The Rules for Paying Taxes with a Credit Card

Catherine Misczuk
April 13, 2017
Taxes And Credit Card

Tax season is here. In fact, the deadline is quickly approaching. That means procrastinators, those dealing with confusing filings, and others who are avoiding the big bill are now looking this fateful day in the eye. But, there’s also the early filers who have already collected their returns.

What many taxpayers don’t know, though, is that you can pay your taxes with your credit card. The IRS lets you pay your dues with access to approved third-party sites. But, while more people are discovering this new way to pay off your taxes, it’s not the best practice for everyone and there are many factors to consider from IRS payment plans to processing fees and if points and cash back are actually profitable.

The Internal Revenue Service authorized three third party sites to handle credit card payments from taxpayers. But, these third party sites charge a fee, which is usually between 1-2% of your total payment. The IRS notes none of this fee will go towards the government, and simply goes towards operational costs for the third party.

Many taxpayers like the idea of paying with a credit card because it is convenient. And because of quick processing, many people who have waited until the last minute can get their taxes paid on time and avoid any late fees. But, there are some limitations as outlined by the agency:

Not all IRS tax forms are eligible for payment by credit or debit card, and there are limits on how often you can make individual and business payments. Visit the frequency limit table by type of tax payment for details. High balance payments of $100,000+ may require coordination with your credit card provider Most credit card payments cannot be canceled You can’t make Federal Tax Deposits

But, the IRS does facilitate a lot by offering credit cards as a form of payment. For example, if you overpay on your taxes, they send you the money -- not the credit card company. That means it’s money in your pocket, not ‘credit’.

Another thing to note is that the processing fee is deductible on personal taxes the following year as a miscellaneous itemized deduction if it is more than 2 percent of adjusted gross income (learn more about that here). If you’re paying taxes on your business, you can also count it as a business expense.

If you want to use your credit card to spread out your payments, though, it’s also important that you know the Internal Revenue Service has payment plan options. You can spread your payments out over years, so if you have a very large bill you can take the time to pay it all out. “Commit to what you know you can pay,” explained Cari Weston, director of tax practice and ethics for the American Institute of Certified Public Accountants. “You can always pay more.”

Paying with a credit card is a great option if you want to pay off your taxes quickly and easily. But, the absolute first thing you need to do is make sure you have a large enough line of credit to cover your IRS payment. If you don’t have the credit in the first place, this isn’t an option.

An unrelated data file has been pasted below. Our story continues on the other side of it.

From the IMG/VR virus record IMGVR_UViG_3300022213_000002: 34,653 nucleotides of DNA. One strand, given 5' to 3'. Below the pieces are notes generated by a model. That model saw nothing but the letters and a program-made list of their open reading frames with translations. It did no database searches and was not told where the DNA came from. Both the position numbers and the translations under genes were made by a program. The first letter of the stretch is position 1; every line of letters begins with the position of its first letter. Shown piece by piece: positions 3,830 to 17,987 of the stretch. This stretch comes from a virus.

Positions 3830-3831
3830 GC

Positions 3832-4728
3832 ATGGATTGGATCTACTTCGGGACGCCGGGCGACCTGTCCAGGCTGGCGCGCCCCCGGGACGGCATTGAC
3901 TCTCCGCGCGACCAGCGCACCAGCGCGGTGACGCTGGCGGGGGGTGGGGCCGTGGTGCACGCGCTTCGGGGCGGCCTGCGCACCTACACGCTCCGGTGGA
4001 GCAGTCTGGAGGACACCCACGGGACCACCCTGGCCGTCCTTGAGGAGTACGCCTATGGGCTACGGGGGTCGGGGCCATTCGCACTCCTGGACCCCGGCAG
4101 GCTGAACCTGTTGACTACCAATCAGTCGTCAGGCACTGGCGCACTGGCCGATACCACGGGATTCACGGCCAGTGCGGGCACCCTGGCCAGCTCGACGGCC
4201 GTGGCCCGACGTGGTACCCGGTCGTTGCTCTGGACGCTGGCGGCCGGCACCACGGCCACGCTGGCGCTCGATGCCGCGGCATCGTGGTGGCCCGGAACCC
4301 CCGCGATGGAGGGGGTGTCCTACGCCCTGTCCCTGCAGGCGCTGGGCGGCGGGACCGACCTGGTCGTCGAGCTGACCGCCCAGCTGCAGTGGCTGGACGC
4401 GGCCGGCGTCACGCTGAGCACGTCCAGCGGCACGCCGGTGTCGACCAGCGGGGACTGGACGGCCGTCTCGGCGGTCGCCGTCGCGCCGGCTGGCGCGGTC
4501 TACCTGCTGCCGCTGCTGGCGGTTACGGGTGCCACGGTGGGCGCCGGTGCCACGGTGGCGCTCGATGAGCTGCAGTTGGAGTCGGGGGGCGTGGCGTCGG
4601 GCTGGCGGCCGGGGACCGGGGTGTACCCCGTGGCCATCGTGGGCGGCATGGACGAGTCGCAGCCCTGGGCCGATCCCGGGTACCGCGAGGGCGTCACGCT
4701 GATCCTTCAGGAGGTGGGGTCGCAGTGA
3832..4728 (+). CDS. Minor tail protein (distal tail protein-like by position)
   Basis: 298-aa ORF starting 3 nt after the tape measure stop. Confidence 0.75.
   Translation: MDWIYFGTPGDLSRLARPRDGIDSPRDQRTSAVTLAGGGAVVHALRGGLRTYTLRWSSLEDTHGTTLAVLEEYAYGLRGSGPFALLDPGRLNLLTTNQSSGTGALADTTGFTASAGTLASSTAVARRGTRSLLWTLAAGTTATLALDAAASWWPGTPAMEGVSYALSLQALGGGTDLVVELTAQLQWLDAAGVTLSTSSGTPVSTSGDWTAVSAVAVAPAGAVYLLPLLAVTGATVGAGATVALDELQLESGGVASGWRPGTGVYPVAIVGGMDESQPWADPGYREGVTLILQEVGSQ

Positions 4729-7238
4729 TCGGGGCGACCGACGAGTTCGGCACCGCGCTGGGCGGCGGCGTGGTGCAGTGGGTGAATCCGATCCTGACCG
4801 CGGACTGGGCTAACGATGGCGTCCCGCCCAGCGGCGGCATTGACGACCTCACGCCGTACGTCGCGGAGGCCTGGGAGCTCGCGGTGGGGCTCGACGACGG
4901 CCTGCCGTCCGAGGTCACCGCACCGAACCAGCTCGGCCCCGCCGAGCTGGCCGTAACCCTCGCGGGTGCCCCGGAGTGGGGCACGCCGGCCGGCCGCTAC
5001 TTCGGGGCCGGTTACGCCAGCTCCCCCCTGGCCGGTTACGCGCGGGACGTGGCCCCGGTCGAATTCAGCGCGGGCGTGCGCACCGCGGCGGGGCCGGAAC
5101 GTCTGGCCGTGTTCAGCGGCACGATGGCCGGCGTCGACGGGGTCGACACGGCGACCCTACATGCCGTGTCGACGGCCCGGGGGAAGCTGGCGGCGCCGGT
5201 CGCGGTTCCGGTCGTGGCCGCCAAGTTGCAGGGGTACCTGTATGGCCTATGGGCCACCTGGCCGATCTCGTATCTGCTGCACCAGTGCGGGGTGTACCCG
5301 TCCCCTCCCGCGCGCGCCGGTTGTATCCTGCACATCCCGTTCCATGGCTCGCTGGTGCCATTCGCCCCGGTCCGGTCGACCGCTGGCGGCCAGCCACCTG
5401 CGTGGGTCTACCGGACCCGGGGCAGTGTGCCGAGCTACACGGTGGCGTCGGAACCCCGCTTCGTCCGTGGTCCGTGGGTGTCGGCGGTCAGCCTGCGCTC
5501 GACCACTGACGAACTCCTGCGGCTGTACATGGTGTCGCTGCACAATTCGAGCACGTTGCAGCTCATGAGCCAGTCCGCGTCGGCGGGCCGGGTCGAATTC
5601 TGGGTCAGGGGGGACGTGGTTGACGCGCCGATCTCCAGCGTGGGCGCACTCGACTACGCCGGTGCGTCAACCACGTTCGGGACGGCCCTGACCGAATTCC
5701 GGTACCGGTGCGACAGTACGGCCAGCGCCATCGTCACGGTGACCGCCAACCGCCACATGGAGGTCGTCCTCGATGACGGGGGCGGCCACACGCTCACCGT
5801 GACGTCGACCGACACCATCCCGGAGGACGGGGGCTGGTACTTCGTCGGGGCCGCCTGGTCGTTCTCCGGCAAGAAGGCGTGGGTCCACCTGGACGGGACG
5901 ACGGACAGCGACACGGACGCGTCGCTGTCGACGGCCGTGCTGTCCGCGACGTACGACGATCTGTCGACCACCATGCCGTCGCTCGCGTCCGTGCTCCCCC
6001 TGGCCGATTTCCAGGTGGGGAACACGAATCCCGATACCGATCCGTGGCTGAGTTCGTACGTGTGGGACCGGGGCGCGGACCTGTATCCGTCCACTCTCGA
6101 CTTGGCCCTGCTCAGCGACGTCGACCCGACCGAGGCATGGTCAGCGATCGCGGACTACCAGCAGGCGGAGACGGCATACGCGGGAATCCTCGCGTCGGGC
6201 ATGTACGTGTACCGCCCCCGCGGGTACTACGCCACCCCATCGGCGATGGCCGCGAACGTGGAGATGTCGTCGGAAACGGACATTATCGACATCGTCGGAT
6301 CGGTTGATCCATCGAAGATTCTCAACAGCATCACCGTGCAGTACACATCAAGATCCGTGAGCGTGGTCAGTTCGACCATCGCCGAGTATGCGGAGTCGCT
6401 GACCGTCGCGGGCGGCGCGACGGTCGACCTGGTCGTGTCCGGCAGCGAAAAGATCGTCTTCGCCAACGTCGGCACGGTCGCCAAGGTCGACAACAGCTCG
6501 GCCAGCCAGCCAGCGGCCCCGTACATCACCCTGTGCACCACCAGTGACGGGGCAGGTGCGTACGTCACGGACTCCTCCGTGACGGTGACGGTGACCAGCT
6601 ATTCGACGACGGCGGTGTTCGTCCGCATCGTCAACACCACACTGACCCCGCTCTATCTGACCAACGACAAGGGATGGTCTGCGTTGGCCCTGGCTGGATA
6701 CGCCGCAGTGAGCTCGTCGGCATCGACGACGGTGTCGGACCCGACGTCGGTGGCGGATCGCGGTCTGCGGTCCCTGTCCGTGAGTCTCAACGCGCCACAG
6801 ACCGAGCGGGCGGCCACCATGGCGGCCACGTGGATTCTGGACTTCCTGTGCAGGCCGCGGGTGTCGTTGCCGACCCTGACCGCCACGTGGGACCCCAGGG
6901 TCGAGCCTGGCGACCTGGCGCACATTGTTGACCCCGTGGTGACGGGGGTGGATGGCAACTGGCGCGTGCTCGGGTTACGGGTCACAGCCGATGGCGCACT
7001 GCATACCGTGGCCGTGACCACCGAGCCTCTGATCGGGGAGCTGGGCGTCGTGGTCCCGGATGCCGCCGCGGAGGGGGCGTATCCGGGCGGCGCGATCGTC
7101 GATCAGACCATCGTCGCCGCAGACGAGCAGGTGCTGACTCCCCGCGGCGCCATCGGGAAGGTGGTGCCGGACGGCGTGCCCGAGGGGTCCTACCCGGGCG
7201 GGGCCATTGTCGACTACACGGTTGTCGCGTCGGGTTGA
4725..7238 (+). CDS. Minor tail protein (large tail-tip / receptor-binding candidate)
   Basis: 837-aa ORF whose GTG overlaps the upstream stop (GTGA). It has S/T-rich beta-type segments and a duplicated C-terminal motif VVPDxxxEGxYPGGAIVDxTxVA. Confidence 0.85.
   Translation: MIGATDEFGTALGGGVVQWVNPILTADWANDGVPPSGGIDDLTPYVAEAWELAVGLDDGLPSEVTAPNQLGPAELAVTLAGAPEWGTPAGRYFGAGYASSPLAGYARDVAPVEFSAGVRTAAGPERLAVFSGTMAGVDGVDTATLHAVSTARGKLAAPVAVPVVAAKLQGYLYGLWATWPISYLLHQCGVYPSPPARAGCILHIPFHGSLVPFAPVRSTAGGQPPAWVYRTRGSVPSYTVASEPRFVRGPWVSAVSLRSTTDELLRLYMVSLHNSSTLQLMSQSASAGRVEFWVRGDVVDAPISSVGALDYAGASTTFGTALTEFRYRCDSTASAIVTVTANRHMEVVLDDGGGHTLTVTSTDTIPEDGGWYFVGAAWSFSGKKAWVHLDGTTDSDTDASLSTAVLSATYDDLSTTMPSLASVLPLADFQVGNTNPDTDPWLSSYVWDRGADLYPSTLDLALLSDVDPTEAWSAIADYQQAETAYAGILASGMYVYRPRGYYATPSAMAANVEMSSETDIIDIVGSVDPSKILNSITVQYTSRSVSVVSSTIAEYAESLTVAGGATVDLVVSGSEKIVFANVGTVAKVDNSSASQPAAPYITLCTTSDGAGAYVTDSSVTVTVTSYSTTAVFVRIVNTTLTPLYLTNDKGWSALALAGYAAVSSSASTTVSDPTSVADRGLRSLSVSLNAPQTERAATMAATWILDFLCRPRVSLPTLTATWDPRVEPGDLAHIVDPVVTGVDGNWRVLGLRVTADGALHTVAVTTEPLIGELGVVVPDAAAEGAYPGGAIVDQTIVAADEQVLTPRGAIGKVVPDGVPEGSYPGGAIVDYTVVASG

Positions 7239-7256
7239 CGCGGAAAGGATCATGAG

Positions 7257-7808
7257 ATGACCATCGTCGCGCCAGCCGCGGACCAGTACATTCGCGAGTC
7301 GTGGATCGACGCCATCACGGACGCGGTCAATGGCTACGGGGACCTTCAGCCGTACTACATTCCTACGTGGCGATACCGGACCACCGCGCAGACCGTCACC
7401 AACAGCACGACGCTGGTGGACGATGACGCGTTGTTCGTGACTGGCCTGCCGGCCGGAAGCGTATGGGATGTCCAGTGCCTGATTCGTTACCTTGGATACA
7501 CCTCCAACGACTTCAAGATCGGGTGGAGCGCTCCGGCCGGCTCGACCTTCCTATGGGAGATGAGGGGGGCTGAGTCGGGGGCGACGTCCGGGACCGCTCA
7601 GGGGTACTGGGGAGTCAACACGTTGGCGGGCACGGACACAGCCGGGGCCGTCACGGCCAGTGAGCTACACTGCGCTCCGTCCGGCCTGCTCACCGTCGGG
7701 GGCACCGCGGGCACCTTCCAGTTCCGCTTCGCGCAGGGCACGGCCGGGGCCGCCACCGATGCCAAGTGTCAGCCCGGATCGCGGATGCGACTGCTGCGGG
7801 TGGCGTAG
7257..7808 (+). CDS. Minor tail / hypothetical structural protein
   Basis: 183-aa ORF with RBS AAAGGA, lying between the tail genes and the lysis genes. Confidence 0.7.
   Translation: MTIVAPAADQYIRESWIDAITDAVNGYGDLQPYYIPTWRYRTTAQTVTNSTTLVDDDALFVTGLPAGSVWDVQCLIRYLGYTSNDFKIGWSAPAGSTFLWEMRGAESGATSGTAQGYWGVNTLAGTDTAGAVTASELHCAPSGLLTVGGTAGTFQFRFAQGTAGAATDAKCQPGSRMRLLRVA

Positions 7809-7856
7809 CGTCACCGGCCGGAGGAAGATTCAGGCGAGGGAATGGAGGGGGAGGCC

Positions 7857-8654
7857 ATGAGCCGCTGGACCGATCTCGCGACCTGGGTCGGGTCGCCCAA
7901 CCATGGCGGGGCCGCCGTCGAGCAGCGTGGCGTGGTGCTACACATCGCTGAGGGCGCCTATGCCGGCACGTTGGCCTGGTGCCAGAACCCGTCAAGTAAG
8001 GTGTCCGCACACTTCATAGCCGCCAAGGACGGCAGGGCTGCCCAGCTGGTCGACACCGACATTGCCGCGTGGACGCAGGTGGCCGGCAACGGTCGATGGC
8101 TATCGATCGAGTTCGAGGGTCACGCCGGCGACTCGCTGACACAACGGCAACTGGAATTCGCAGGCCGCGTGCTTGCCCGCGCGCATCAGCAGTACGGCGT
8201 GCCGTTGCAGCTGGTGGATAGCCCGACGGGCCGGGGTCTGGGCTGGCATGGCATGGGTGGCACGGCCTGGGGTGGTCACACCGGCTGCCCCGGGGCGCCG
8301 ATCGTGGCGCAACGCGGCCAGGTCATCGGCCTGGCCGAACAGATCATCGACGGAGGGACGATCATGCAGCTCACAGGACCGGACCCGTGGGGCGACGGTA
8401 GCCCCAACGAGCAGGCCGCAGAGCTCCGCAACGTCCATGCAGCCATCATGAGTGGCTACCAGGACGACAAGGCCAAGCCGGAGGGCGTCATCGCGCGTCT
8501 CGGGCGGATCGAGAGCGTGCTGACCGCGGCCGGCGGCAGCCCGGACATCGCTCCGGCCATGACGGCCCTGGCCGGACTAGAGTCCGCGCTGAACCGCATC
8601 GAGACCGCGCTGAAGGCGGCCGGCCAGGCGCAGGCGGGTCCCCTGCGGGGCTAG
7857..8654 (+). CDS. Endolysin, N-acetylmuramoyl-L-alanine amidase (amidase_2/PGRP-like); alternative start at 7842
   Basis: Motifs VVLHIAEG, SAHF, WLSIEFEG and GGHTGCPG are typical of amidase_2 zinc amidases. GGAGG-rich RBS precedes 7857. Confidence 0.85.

What might also be obvious, but imperative to point out, is that if you don’t have the money to pay your bill up front at the end of the month, paying with your credit card can really cost you in interest. And as Weston points out, “If I need to have my credit card available for emergencies to pay for expenses, because I might not have a rainy-day fund set aside, [I’m] better off not adding that credit card debt.”

Another major draw to paying with a credit card is all the rewards points and cash back that could be awarded. But, it’s important to not dive in head first. Doing the math on what it costs to process a credit card payment in the first place (which is usually between 1-2 percent) with how much cash back you can earn (which is also usually between 1-2 percent) can make you realize it might not be worth it. For example:

2017 tax bill: $3,000 Credit card payment fee of 1.5%: $31.50 Credit card cash-back rewards of 1.5%: $31.50

If this is your scenario, you don’t actually end up making any profit. And, the cash back is usually only redeemable in authorized marketplaces or on credit card statements.

A card with a points system though can be more profitable. Points can add up to be more in certain marketplaces, and if you know you can earn points you’ll use on say, your next vacation flight, then this might be a good option for you. At the same time, it is important to understand your cards limitations on this, and if there is a minimum you need to spend per month or a certain amount of purchases you need to make too. Ben, who runs the popular blog One Mile at a Time, notes: “While no one likes paying taxes, you might as well maximize the return you get out of that spend.”

At the end of the day, paying your taxes with your credit card should be an educated decision that is made off of a variety of factors. By understanding your financial situation, the IRS rules and the rules of your own credit card you can make the best decision for you.

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